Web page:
If you try any of these, I'd love to hear how it went in the comments.

The Sonic Screwdriver
This is a simple on. And obvious, as it names both the world's most popular cocktail [citation needed] and one of the most iconic features of the show. The internet suggests that a Sonic Screwdriver is 2 parts blue Jones' Soda and 1 part vodka. However, isn't Jones blue soda bubblegum flavored? No thank you. Here's my version, which at least keeps the citrus theme of a true SD.
  • 4 ounces grapefruit soda (I use Fresca, but choose your poison)
  • 1.5 ounces vodka
  • .5 ounce blue curacao
Pour into an ice-filled lowball glass, garnish with a blood orange wheel.

I hear the color of the sonic screwdriver effect in the new series will change from blue to green. If so, just substitute orange juice for the grapefruit soda, and you're done!

Captain Jack Harkness
This one is full of yum. Mmmmmm...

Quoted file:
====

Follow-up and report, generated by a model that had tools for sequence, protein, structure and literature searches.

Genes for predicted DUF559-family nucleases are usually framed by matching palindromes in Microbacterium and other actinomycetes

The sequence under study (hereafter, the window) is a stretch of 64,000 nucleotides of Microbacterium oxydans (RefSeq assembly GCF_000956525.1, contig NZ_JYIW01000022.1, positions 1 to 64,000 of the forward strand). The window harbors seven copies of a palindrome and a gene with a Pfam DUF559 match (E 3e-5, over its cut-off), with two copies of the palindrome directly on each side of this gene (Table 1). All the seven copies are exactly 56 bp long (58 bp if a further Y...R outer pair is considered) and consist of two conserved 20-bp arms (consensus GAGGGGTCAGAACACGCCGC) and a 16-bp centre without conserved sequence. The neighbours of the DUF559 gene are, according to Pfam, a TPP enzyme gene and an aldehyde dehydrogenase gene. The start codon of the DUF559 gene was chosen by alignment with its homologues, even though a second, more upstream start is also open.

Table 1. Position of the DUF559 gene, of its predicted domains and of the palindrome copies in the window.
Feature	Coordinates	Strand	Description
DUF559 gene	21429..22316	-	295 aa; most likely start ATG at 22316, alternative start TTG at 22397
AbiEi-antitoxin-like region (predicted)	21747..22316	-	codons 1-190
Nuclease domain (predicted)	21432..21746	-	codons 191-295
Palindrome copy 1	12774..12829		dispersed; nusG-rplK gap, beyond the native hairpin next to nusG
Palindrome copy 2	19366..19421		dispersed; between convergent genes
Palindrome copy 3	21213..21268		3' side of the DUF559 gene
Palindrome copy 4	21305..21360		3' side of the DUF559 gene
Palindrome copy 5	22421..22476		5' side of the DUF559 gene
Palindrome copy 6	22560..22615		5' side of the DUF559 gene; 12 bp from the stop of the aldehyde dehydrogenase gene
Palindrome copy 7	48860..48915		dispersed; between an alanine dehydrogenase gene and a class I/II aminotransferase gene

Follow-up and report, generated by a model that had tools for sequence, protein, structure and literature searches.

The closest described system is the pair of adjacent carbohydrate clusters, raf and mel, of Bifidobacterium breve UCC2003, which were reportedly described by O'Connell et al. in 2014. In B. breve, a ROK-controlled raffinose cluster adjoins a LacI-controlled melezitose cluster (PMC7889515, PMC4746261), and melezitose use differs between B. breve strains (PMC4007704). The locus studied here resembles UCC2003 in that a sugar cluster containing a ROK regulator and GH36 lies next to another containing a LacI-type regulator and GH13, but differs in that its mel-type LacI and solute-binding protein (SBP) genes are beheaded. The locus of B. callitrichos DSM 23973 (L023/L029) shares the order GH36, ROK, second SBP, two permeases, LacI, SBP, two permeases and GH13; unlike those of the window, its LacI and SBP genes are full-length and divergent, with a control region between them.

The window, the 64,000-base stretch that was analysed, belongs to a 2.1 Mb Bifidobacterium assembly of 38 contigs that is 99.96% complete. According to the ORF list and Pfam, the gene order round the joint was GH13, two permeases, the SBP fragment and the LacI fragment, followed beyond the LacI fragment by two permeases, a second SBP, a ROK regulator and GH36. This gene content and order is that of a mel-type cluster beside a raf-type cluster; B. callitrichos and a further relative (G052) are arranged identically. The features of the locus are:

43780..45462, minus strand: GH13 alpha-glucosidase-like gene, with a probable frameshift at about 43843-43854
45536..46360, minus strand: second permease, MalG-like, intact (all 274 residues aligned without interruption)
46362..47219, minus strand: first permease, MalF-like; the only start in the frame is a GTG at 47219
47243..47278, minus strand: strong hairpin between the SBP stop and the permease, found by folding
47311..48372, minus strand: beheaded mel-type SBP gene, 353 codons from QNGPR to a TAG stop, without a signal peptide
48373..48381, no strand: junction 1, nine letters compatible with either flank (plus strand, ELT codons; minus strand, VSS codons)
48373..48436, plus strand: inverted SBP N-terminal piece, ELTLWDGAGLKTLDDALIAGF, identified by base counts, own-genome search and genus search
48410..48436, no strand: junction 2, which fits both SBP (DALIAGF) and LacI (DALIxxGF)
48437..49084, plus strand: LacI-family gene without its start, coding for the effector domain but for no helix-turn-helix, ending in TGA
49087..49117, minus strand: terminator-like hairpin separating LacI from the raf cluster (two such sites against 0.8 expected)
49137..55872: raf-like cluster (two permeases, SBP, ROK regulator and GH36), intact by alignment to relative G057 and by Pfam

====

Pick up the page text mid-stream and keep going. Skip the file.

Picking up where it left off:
• 1-1.5 ounces dark rum (NOT spiced rum)
  • 1 ounce whiskey (I used Crown Royal, but Jack Daniels is a more obvious choice)
  • 4 ounces ginger beer (or ginger ale, if you want something a little less spicy)
  • dash of lime juice (unsweetened. juice from 1 line wedge is about right)
  • splash of cream
Add all ingredients except for the cream to ice-filled highball and stir gently. Now add the splash of cream which should slowly diffuse through the ice. Do not stir. Garnish with a twist of lime. This makes a delicious and pretty drink.

This was a delightful drink and refreshing drink. You might even call it regenerative. I'll make this again, Doctor Who party or not.
  • 3 ounces pear nectar
  • 2 ounces champagne
  • 3 ounces club soda or seltzer
  • 2 ounces whiskey (I used Crown Royal)